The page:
Farquhar, Robert Townsend (DNB00)

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FARQUHAR, Sir ROBERT TOWNSEND (1776–1830), politician, second son of Sir Walter Farquhar [q. v.], a well-known physician, was born 14 Oct. 1776. Shortly after attaining his majority he was appointed commercial resident at Amboyna, and after holding this post for several years he was named lieutenant-governor of Pulo Penang. At the peace of Amiens in 1802 he was appointed commissioner for adjusting the British claims in the Moluccas, and for the transference of those islands to the Batavian Republic. In 1807 he published ‘Suggestions for Counteracting any Injurious Effects upon the Population of the West India Colonies from the Abolition of the Slave Trade.’ The writer formulated a scheme for supplying the demands of the colonies with agricultural labourers, chiefly by the encouragement of the Chinese to extend their migration to the West Indies, the expense to be met either by the wealthy planters or the government. In 1812 Farquhar was appointed governor and commander-in-chief of the island of Mauritius. He drew up a chart of Madagascar and the north-eastern archipelago of Mauritius, and in issuing this chart to the public anticipated the discoveries of a later period by drawing attention to new fields for British trade. He showed the necessity which existed for ‘penetrating into the great countries of the Mozambique channel and the east coast of Africa.’ During his stay in the Mauritius, Farquhar made determined and successful efforts to grapple with the evils of the slave trade. The traffic was carried on, not by the respectable inhabitants, but by a number of French adventurers, concerned in privateering. Farquhar took vigorous measures to put an end to the traffic, and concluded treaties with Radama, prince of Madagascar, and the Imaum of Muscat. These treaties were scrupulously observed, and the slave trade was eventually suppressed in the Mauritius, though it continued to be carried on in the isle of Bourbon. Farquhar resigned the government of the Mauritius in 1823, and on the voyage home visited Madagascar, to take leave of the chiefs. He was received with great ceremony, and thousands of the natives from the interior brought free-will peace-offerings, as a recognition of the efforts of the ex-governor in behalf of the native population. Upon his return to England, Farquhar was elected to parliament in 1825 for the borough of Newton in Lancashire. In 1826 he was returned for Hythe, and this constituency he continued to represent until his death on 16 March 1830. Farquhar, who was a director of the East India Company, was created a baronet in 1821. He married in 1809 a daughter of J. Francis-Louis Latour, esq., of Madras, and was succeeded by his son, Walter Minto Farquhar, M.P. for Hertford, who was born 26 Oct. 1809, graduated at Christ Church, Oxford, and died 18 June 1866 (Foster, Alumni Oxon.)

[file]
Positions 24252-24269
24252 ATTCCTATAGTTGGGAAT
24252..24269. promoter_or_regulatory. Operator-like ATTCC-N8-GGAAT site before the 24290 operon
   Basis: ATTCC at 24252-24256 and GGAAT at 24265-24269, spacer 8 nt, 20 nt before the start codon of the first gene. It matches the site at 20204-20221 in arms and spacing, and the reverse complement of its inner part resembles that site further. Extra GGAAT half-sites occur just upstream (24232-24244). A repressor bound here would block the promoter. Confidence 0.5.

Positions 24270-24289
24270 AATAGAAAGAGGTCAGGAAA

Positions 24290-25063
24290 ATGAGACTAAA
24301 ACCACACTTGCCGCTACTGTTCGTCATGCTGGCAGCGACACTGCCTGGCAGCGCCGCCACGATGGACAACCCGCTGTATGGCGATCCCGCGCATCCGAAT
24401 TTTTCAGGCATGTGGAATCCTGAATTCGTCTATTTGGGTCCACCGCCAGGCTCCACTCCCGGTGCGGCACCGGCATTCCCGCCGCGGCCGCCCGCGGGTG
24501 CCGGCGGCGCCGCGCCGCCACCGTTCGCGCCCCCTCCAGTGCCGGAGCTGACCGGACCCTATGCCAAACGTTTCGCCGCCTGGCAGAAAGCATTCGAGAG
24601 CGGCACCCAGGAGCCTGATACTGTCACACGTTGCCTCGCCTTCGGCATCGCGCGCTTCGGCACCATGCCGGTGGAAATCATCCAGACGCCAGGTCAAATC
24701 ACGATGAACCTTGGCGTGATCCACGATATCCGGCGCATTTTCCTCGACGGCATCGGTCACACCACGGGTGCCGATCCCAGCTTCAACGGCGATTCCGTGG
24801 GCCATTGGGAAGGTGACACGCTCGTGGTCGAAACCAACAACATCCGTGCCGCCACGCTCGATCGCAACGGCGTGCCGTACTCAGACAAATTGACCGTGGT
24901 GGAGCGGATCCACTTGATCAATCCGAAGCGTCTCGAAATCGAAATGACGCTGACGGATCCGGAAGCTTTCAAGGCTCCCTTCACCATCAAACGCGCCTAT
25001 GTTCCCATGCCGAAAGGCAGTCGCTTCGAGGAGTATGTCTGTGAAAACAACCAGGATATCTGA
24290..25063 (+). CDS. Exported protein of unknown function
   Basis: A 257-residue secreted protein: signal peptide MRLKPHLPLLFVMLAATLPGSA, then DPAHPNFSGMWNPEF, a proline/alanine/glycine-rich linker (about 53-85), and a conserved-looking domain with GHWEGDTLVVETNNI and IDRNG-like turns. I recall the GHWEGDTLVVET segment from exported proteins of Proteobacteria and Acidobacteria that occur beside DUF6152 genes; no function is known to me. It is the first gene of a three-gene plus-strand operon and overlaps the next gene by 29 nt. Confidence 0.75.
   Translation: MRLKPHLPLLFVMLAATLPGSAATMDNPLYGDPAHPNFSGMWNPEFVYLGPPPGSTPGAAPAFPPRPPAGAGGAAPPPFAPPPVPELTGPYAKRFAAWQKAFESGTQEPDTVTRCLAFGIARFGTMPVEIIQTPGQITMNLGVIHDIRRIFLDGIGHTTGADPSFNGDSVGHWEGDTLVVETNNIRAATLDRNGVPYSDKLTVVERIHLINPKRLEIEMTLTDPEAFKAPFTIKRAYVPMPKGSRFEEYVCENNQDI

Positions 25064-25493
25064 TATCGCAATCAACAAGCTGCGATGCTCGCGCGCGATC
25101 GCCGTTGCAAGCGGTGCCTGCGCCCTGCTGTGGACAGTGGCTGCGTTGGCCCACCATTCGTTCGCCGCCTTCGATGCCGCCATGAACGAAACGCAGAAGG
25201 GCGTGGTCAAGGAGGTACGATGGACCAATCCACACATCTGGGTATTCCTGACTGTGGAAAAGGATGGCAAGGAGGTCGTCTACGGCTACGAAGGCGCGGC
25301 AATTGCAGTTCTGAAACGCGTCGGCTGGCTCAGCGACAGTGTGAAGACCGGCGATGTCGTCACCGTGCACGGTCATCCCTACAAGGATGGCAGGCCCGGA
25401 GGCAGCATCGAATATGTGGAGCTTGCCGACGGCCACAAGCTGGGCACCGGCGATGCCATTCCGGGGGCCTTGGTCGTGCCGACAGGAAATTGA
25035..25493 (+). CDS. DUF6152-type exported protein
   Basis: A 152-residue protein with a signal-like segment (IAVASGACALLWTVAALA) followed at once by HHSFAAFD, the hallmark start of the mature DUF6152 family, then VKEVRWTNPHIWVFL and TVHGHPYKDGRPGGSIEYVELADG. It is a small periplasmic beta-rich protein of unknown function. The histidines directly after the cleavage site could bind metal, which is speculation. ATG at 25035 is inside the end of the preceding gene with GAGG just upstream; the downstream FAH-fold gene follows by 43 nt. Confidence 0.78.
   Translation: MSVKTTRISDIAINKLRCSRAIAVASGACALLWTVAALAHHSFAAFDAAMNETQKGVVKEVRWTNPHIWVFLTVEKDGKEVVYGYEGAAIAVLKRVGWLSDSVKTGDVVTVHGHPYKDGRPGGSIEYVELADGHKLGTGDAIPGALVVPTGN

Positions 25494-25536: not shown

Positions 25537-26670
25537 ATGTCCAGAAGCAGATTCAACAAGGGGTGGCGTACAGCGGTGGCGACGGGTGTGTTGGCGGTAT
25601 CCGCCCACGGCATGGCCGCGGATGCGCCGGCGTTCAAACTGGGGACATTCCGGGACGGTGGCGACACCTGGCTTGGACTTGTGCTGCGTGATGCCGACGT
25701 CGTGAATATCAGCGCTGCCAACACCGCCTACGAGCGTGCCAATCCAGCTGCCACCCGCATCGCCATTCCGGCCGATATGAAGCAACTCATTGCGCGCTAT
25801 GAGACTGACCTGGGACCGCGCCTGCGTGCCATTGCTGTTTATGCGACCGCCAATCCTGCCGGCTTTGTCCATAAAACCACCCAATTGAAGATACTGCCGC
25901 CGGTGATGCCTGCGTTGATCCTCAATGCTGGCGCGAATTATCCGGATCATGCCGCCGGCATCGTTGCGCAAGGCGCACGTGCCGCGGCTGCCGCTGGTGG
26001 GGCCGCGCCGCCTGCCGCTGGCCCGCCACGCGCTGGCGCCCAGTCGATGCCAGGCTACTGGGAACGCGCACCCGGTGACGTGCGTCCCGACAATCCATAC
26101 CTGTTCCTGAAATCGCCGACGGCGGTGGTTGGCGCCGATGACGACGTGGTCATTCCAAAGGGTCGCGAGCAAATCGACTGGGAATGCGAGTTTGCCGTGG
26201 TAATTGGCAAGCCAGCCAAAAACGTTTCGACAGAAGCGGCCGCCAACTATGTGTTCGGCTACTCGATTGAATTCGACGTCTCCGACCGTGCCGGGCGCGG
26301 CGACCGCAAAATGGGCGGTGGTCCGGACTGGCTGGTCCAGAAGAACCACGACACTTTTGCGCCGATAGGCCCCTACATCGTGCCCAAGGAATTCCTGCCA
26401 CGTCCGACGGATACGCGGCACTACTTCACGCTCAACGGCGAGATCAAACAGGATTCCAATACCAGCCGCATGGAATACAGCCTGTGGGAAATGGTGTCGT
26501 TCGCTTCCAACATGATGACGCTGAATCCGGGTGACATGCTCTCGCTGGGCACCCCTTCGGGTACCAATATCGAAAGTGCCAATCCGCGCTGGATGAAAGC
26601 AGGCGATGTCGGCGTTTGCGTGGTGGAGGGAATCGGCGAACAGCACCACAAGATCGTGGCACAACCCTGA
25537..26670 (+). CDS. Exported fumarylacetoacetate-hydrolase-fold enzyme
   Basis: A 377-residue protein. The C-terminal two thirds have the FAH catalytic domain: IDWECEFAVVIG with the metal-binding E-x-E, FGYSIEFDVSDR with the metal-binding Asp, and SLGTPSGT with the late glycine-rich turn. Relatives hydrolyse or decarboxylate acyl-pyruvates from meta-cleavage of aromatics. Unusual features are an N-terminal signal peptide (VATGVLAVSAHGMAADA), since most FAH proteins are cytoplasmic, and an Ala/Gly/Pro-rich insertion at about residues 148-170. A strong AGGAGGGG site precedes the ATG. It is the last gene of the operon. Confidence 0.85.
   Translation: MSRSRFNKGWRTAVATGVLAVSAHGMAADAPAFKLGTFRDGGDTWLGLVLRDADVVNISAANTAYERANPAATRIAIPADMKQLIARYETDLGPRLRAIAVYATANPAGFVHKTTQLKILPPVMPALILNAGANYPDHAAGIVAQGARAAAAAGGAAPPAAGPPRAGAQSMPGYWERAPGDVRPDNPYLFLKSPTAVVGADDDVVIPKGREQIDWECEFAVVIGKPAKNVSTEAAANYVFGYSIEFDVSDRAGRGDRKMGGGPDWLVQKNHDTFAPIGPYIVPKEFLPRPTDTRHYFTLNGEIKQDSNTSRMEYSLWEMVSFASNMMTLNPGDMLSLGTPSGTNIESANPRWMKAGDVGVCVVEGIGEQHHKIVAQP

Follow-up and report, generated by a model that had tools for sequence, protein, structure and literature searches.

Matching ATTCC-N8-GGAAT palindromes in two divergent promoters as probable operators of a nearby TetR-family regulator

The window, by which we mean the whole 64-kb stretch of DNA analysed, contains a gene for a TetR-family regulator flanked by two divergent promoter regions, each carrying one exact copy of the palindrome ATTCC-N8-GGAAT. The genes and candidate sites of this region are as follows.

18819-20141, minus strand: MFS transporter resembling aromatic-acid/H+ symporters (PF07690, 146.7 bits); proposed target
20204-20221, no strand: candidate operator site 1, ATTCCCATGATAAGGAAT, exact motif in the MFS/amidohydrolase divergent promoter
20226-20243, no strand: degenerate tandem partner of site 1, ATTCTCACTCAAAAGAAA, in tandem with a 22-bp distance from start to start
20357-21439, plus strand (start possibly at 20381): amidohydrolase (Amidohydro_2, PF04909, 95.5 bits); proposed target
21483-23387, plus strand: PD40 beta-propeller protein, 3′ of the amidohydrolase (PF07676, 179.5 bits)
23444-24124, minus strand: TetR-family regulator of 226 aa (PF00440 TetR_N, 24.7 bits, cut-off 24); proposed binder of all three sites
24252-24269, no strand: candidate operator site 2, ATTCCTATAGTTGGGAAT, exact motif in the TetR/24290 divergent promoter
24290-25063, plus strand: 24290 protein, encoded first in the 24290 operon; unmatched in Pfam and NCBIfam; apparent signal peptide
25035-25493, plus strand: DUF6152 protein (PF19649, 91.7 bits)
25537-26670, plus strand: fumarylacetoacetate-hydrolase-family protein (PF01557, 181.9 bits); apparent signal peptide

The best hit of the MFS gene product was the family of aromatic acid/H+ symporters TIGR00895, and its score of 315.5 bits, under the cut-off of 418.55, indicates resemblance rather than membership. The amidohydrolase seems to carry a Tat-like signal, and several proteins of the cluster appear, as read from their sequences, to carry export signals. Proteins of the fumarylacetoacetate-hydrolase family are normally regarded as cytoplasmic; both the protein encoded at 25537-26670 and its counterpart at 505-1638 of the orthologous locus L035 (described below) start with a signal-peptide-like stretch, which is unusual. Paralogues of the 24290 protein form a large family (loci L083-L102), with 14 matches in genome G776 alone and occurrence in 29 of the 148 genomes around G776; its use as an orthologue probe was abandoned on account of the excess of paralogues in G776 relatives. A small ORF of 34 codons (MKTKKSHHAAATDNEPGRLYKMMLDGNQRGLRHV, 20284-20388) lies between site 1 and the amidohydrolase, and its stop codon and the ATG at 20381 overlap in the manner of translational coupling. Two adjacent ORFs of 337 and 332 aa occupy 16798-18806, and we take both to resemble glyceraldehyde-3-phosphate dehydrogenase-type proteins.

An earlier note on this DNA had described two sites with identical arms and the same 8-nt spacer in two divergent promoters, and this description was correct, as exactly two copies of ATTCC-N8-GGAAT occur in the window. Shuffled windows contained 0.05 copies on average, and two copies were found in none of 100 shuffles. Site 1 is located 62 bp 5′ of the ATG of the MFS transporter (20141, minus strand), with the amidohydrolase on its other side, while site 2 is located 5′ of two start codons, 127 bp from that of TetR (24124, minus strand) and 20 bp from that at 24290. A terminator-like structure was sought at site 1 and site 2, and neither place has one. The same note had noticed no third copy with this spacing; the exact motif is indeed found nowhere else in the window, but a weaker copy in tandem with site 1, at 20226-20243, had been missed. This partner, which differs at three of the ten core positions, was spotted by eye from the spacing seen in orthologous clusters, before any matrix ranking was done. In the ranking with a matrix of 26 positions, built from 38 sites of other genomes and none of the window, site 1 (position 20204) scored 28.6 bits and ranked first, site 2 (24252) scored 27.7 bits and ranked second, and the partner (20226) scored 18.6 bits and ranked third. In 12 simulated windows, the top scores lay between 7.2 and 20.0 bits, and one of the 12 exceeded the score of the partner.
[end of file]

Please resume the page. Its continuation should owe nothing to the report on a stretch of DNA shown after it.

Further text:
[Gent. Mag. 1830; Ann. Reg. 1830.]

G. B. S.